Last week, my husband nonchalantly tossed my mail on the kitchen counter. Ripping into a small envelope on top, I found a pretty purple invitation. Immediately my gut clenched. Setting it down, I turned back to making dinner as my mind scrambled through the trauma I had experienced not long ago. I was just invited to a tea for breast cancer survivors.
So what’s the big deal? You might be thinking, Oh! Nice. That was sweet of them. That would be the natural reaction to such consideration, but what you can’t understand until you’ve lived it is the unpredictable power of trauma.
Puzzled in Pink
Six months after my breast cancer diagnosis, I received a similar invitation asking if I wanted to participate in a walk-a-thon fundraiser for breast cancer research. Invisibly glued to the counter, it remained there for several days as I wrestled the decision down in my head. I finally decided to go and see if I could make some connections with other survivors.
Unfamiliar with how it worked, I decided to go by myself. This is my usual way of scoping things out. It allows me the freedom to bail if I decide I don’t want to stay. Such are the rationalizations of a strongly independent personality.
The best word I can pin down to express what I experienced is puzzling. I just found the whole thing odd, how people were celebrating by wearing bedazzled bras, pink feather boas and party hats. There were large groups of people, many with matching shirts, that stood together as if participating in the revelry of a national holiday.
At the Survivor’s Table, I was checked in and given a T-shirt with several gifts. Then, they pointed me to a sprawling buffet table of brunch treats. I shuffled through the line in a foggy puzzlement and found my seat at a table nearby. Detached from the gala around me, I nibbled on pastry while watching some of the most crazily dressed people walk by.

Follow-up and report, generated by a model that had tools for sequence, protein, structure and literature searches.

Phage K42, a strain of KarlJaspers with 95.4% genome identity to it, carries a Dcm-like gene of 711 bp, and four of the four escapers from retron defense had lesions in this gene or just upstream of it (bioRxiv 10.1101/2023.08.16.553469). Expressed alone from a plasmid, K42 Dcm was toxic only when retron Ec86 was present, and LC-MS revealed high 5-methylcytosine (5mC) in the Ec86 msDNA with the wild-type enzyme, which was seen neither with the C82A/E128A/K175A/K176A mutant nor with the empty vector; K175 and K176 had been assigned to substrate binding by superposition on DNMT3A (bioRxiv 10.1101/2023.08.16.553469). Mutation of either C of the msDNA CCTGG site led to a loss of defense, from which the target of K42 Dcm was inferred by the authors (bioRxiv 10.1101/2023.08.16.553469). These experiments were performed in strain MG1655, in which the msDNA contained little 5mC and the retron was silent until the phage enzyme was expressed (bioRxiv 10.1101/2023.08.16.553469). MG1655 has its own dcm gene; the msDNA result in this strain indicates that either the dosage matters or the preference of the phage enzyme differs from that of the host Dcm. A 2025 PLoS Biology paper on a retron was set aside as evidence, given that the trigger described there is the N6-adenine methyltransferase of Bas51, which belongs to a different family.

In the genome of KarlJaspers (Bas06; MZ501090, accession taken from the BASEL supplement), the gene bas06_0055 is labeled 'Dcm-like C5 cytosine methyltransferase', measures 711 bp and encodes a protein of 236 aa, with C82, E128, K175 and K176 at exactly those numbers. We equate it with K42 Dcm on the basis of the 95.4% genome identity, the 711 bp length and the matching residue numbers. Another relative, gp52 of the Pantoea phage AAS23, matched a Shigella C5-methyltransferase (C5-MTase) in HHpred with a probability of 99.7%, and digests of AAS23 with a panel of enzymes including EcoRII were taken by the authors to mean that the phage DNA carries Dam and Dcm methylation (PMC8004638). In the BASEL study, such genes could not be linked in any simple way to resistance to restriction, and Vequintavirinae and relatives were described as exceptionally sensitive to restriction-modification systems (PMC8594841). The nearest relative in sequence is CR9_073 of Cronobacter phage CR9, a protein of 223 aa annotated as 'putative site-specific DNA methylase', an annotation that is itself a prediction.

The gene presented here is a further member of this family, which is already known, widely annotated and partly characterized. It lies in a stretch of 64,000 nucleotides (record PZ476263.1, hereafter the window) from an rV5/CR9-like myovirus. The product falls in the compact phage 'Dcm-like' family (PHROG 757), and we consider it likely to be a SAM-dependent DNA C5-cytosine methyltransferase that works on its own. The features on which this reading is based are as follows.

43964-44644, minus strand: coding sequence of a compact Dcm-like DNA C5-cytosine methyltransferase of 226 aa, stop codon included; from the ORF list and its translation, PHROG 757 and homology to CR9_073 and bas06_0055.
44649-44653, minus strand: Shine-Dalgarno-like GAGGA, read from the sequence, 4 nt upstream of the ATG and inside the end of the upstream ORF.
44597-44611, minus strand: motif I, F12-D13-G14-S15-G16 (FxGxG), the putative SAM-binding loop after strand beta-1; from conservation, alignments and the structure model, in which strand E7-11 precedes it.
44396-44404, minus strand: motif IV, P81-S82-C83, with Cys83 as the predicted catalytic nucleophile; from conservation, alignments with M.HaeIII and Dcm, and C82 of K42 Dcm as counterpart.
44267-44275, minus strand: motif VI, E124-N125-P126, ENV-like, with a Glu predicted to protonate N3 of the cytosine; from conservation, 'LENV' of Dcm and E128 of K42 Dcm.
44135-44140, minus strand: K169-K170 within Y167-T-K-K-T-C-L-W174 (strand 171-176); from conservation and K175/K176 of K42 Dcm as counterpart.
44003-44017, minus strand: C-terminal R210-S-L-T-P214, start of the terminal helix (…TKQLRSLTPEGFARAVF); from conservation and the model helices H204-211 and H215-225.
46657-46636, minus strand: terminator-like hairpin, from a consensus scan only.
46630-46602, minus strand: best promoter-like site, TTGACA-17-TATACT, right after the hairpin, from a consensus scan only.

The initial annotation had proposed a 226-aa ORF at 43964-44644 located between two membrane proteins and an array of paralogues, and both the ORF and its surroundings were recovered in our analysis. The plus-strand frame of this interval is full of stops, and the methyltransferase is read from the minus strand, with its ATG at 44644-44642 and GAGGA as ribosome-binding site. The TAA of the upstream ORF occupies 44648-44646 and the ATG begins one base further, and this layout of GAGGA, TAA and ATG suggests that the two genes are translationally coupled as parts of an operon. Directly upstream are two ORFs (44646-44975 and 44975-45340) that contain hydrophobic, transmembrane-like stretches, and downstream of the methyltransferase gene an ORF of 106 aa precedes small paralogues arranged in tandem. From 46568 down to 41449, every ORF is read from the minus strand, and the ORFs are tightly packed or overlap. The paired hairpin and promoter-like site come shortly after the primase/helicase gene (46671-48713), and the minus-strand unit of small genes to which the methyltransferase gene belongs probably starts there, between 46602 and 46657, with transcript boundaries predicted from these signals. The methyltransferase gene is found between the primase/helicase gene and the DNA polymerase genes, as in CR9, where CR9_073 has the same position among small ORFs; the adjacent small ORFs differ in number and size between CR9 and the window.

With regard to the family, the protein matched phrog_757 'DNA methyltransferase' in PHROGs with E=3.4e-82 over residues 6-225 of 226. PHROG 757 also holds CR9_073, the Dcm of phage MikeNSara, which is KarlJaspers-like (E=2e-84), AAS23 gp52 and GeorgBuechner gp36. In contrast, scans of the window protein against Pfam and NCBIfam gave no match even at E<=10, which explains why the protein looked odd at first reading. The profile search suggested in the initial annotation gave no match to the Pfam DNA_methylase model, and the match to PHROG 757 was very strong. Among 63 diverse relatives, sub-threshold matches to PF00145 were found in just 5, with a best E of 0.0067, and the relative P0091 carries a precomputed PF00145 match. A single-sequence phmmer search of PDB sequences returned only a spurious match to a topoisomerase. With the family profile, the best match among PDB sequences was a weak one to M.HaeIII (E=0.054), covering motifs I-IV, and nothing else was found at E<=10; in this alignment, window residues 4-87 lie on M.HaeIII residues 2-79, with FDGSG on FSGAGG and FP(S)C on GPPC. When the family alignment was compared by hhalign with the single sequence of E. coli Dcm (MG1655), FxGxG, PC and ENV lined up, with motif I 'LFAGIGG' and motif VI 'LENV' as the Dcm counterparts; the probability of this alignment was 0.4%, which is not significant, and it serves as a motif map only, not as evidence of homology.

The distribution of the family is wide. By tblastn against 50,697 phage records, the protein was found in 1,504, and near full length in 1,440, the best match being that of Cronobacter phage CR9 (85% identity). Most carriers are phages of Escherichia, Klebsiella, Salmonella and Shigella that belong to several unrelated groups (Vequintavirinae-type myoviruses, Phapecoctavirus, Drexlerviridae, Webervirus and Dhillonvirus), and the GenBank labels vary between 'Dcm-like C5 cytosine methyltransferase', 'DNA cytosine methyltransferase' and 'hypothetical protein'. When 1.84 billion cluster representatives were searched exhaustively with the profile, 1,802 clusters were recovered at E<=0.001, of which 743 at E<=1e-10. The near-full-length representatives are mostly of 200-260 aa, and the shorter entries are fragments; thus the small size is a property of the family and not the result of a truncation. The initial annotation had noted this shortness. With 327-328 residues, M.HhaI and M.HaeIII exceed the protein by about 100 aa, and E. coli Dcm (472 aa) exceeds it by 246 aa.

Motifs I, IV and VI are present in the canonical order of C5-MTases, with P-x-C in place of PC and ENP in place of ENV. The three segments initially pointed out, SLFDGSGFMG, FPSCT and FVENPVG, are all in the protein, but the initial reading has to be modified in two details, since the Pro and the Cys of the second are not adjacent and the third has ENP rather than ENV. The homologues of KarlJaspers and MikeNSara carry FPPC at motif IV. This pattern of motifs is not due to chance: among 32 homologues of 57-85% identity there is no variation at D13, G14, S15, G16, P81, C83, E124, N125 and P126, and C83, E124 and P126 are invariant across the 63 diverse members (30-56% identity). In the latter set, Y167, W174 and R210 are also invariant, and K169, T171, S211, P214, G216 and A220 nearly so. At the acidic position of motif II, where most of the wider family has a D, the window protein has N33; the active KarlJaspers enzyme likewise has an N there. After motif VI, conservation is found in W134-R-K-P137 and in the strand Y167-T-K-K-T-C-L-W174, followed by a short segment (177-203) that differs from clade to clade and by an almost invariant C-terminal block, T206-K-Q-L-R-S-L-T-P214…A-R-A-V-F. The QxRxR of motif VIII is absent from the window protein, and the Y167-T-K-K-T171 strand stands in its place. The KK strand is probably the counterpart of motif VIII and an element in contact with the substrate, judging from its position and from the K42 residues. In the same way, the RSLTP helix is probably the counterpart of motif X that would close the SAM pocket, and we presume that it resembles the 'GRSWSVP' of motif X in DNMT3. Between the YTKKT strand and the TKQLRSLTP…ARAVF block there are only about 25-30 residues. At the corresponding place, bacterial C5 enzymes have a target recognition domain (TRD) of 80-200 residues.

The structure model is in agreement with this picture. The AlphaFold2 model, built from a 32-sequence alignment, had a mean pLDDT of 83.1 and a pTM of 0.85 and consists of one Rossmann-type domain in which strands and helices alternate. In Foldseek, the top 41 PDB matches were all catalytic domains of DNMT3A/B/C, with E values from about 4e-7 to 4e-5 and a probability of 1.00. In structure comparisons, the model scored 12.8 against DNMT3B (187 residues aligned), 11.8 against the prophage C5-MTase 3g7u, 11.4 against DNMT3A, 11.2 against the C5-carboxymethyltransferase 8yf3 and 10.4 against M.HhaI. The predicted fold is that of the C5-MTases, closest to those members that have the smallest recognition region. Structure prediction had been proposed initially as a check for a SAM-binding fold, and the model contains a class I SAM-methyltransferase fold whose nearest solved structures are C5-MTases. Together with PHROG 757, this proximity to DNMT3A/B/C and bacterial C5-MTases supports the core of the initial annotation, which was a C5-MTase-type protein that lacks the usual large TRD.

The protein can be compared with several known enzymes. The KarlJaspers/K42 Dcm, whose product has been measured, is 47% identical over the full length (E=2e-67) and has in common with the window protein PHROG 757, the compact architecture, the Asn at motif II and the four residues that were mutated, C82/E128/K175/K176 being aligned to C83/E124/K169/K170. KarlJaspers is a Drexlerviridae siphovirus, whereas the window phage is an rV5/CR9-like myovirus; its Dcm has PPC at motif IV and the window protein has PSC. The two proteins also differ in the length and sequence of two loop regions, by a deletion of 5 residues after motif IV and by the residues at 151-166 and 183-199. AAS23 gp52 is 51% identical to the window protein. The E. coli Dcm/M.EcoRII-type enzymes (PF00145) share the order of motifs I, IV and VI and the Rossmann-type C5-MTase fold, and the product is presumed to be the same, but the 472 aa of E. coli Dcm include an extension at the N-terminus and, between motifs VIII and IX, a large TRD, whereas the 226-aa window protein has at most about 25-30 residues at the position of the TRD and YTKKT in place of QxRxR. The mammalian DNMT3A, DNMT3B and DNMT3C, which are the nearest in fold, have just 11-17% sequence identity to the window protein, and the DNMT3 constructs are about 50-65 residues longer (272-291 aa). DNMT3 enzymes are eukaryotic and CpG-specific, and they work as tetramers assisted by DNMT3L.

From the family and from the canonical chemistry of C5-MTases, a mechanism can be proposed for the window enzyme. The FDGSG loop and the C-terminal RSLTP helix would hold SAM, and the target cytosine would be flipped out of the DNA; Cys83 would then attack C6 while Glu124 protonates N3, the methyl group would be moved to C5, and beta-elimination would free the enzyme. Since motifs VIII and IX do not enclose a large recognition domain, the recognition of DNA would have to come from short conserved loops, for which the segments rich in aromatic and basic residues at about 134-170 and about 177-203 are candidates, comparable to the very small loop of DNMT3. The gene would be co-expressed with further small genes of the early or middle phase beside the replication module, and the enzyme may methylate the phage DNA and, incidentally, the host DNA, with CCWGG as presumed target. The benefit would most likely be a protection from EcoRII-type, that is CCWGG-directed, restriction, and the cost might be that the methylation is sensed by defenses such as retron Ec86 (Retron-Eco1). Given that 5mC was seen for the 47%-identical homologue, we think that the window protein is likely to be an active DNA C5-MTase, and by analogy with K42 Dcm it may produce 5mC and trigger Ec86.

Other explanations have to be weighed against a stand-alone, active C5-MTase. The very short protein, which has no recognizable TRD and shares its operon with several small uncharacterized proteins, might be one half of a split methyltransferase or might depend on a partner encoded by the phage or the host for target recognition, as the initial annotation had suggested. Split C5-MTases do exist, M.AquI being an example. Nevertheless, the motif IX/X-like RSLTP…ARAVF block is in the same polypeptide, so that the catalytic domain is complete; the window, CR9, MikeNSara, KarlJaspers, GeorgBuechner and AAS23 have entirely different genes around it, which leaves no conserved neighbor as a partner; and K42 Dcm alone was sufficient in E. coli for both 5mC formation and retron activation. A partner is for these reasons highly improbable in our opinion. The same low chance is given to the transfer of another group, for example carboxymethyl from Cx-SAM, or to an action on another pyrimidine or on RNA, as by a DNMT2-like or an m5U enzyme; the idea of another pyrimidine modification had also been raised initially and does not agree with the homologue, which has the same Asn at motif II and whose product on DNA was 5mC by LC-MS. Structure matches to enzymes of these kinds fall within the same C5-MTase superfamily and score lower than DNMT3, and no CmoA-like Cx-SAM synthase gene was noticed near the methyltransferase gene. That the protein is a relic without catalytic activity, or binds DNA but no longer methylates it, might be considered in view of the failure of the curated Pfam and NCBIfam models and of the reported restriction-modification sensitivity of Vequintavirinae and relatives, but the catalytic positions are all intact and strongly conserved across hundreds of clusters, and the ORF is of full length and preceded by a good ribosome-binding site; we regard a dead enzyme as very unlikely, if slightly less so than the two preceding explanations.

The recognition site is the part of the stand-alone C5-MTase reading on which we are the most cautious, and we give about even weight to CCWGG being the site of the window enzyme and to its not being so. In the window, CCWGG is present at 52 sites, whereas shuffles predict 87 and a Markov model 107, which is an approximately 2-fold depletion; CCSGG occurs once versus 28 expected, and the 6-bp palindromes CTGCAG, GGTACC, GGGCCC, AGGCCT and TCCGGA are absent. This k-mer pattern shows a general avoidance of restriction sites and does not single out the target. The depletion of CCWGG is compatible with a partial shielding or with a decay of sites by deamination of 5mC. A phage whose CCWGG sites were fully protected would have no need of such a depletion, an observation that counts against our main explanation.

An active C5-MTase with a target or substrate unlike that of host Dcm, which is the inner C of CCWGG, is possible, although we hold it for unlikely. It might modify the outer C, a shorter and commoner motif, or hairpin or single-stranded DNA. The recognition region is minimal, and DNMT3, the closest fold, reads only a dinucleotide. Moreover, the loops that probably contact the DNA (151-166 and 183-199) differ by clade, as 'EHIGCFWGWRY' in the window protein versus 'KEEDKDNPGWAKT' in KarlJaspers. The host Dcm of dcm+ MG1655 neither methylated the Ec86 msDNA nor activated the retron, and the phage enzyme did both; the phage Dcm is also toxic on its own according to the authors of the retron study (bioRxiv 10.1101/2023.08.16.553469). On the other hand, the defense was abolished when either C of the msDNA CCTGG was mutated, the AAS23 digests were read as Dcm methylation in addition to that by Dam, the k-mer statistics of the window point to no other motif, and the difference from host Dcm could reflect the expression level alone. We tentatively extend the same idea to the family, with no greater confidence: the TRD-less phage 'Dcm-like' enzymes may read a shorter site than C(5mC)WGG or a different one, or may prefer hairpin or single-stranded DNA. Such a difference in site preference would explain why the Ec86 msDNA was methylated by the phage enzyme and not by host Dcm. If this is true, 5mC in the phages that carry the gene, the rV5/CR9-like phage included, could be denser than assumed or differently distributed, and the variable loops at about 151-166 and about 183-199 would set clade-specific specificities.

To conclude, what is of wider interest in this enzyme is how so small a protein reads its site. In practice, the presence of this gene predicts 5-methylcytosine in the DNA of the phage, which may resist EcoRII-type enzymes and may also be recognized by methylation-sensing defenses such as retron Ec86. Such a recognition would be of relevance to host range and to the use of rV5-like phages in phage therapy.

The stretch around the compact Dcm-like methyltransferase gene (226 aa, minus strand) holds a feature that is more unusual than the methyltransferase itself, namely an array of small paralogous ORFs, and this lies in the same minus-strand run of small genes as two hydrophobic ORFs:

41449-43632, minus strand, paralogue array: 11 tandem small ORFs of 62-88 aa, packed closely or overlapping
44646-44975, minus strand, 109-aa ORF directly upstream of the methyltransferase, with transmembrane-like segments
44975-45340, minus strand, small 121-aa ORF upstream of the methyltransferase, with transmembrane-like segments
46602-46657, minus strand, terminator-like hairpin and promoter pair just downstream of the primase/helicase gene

It’s possible that the strangeness I felt could have come from being so close to the trauma of cancer treatment. At the time, I was still wearing a support band over my hip-to-hip incision from the reconstruction. The people surrounding me had come to know breast cancer in their own way. I understood that they were raising money to support the research for a cure. But something deep inside of me silently cried out as I stood watching them, “How could I celebrate such an awful thing?”
They honored survivors in several ways that day, and I appreciated the kind treatment. The struggle my heart had was in reconciling what I observed with how I felt about my experience.
A Buffet Table of Seafood
As I’m writing this, one extremely poignant scene comes to mind from the movie Castaway. The main character (played by Tom Hanks) spent several years surviving on an island after his plane crashed in the ocean. Shortly after his rescue, friends organize a welcome reception. Disgust fills his face when he finds the buffet table spread with various kinds of seafood. That night, he is unable to sleep in his own bed, having grown accustomed to sleeping on the ground.
This foreignness and irrevocable change is strangely similar to life after cancer treatment. You emerge from this other world where you have been isolated, lost, and continually wracked by the medical wounding of your body. Returning to your life, you are spoken of as a “survivor” and celebrated. Your world isn’t the same. Those around you have moved on in their careers and relationships. You don’t know what just happened, having navigated the whirlwind motions of treatment without realizing the physical and emotional effects of a threat to your life. Now you are standing in the middle of a crossroads, trying to figure out what is next.
“I was just trying to survive.”
There is importance in celebrating and commemorating those who have fought in military battles or overcome daunting setbacks to achieve victory over their struggle. I don’t see my battle with cancer that way. I was just trying to survive. My choices came from what I could do to keep living… to keep from getting cancer again.
But, as I think back to the celebration at the walk-a-thon, I wonder if my naivety misunderstood the motivation. People gathered together to acknowledge the struggle the survivors went through, remember loved ones who have been lost, and get to know others who suffered similar pain. They celebrate the resilience of the human spirit and root on the ones who are still fighting.
So, I tacked the pretty purple invitation to my calendar. Then I dialed up my dearest friend to ask her to go with me. My perspective of the Survivors’ Tea changed when I saw it as a chance to meet other women who may be new at this, like I was just two years ago. I think this is where some healing could be found.